The Government's Green Paper on modernising the teaching profession, due to be published next week, has catapulted performance-related pay back to the top of the political agenda once again. With it comes the sobering spectre of embittered and divided staffrooms.
David Blunkett, the Education and Employment Secretary, has said that the paper will, among other things, explore ways of creating a more flexible pay system to reward high-performing teachers in the 2000-2001 pay round.
The Government plainly wants to use the Pounds 1.2 billion set aside in the Comprehensive Spending Review (for service development) not for an across-the-board increase for all teachers but, rather, for a targeted rise for the majority considered to be doing a good job.
A performance-related pay system would come on top of the existing discretion heads have to make such awards and the Government's plans to reward 5,000 advanced skills teachers with salaries of up to Pounds 40,000 a year.
It is understood the Green Paper will - having set out a range of options - come down firmly in favour of one of them. The question is, which?
The basic choices are simple enough. Will it be a teacher- or a school-based scheme? If it is teacher-based, an option would be some form of appraisal or competency-based system to determine who gets more money. Alternatively, rises could be based on a teacher's success in meeting agreed performance targets.
A school-based system, on the other hand, would depend on success in meeting whole-school targets. Schools which succeed in improving exam results, cutting truancy or exclusions would be given extra funding to be distributed in the form of higher pay.
The most likely option, however, seems to be a mixture of these approaches, with schools that meet their targets using their funding "bounty" to reward good teachers. Who gets what would then be determined on the basis of appraisal, success in meeting personal targets, or both.
One possibility is that headteachers, or governing bodies, will be given flexibility to decide how their bounty is divided up. If that happens, it seems clear most will opt for an appraisal system.
What might a revised salary structure look like under these circumstances? It now seems certain that heads and deputies who had hoped for above-inflation rises in the next pay round will - like the rest of the profession - have to wait another year.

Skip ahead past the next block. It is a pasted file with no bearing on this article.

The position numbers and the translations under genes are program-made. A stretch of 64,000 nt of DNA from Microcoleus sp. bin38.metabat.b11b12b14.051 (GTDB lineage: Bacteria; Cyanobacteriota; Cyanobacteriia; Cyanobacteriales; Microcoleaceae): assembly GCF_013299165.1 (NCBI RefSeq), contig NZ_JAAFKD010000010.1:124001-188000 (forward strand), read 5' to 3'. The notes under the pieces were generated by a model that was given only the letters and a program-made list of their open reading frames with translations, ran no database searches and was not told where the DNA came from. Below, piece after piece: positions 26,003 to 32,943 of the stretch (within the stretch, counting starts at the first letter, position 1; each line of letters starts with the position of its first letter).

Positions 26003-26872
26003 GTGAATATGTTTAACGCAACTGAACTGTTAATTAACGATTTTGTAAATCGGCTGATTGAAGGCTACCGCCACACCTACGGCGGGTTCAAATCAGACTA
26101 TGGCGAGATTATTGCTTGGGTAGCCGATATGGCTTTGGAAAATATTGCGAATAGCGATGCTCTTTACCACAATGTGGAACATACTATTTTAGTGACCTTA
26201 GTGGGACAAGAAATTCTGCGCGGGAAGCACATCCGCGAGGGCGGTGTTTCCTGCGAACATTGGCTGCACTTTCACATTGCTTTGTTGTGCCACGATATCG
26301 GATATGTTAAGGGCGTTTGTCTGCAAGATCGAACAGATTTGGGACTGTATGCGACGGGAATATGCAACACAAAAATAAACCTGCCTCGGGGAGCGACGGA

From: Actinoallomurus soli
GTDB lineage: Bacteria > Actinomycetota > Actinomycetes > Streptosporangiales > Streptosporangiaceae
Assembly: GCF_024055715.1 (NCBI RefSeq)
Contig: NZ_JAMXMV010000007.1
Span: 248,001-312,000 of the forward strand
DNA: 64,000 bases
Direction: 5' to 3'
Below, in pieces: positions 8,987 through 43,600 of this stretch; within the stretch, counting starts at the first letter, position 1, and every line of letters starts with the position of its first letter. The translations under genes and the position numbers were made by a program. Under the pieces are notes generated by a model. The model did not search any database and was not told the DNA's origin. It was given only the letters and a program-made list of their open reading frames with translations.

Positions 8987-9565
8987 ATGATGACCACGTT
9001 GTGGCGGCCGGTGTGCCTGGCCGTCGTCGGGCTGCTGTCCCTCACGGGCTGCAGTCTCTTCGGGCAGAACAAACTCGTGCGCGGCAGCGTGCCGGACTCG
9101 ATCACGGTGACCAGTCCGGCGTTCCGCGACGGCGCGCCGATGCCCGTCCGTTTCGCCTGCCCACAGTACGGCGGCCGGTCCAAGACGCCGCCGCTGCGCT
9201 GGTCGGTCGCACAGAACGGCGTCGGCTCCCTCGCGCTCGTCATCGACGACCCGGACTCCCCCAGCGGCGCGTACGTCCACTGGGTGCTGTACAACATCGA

It is thought that ministers, who just a few months ago asked the School Teachers' Review Body to consider changes to heads' and deputies' salary structure from next April, are anxious that they should not be out of skew with the rest of the profession.
The Government seems to have a new extended pay spine in mind, with all qualified teachers progressing to a certain point - likely to be similar to the current main scale maximum of Pounds 23,000 a year.
Good teachers, however, will have the opportunity to be promoted - without taking on additional responsibilities - to a new grade, subject to passing an assessment. Further progress up the new grade would depend on annual assessments.
Departmental heads and advanced skills ("super") teachers seem likely to be included with heads and deputies in a new "leadership grade".
A crucial question is who will be allocating the extra money. The most likely answer is headteachers, overseen by some form of external monitoring. Governors are also likely to continue to play a key role in setting heads' pay.
The Government's determination to press ahead with PRP has already alarmed the two largest classroom teacher unions, the NUT and the NASUWT.
Doug McAvoy, the NUT general secretary, has warned that PRP will be rejected by teachers and its imposition will lead to industrial action. Mr McAvoy had been hoping to persuade his union to support pay rises linked to assessed competencies - in-service skills training and professional development - rather than results.
Nigel de Gruchy, general secretary of the NASUWT, is opposed to PRP because a crude payment by results system does not take into account the multiplicity of factors which determine pupil achievement. However, he does entertain the idea of linking pay to appraising teachers' skills rather than the achievements of their pupils. This, he says, could help more than half the country's teachers stuck on the unpromoted maximum of Pounds 23,000 a year.
Peter Smith, general secretary of the Association of Teachers and Lecturers, considers that a reward system which recognises teachers' competencies is the best way forward, coupled with a loosening of the links between pay and the size of schools.
"The key issue is that the system should be seen to be fair. Teachers in the classroom will be powerfully influenced by whether they see that there is one rule for the geese and another for the ganders. The way that heads and deputies are rewarded should be part of a salary policy for the whole school."
Significantly, the headteachers' associations - the Secondary Heads Association and the National Association of Head Teachers, both, to varying degrees, seem to be beginning to accept that some form of PRP is inevitable.
John Dunford, general secretary of the Secondary Heads Association, says that his association's view has changed in the knowledge that it may offer the only way forward for a better career structure for teachers and to ameliorate the teacher supply crisis.
"If you have a system that is rewarding 75 per cent of teachers who are doing a really good job and the other 25 per cent know that they can strive for it and be rewarded for it the following year, then it may be worth the candle. "
David Hart, general secretary of the National Association of Head Teachers, said his association would infinitely prefer a substantial across-the-board increase for all teachers, but if this was not on offer then the association has to talk seriously to the Government about alternatives such as PRP.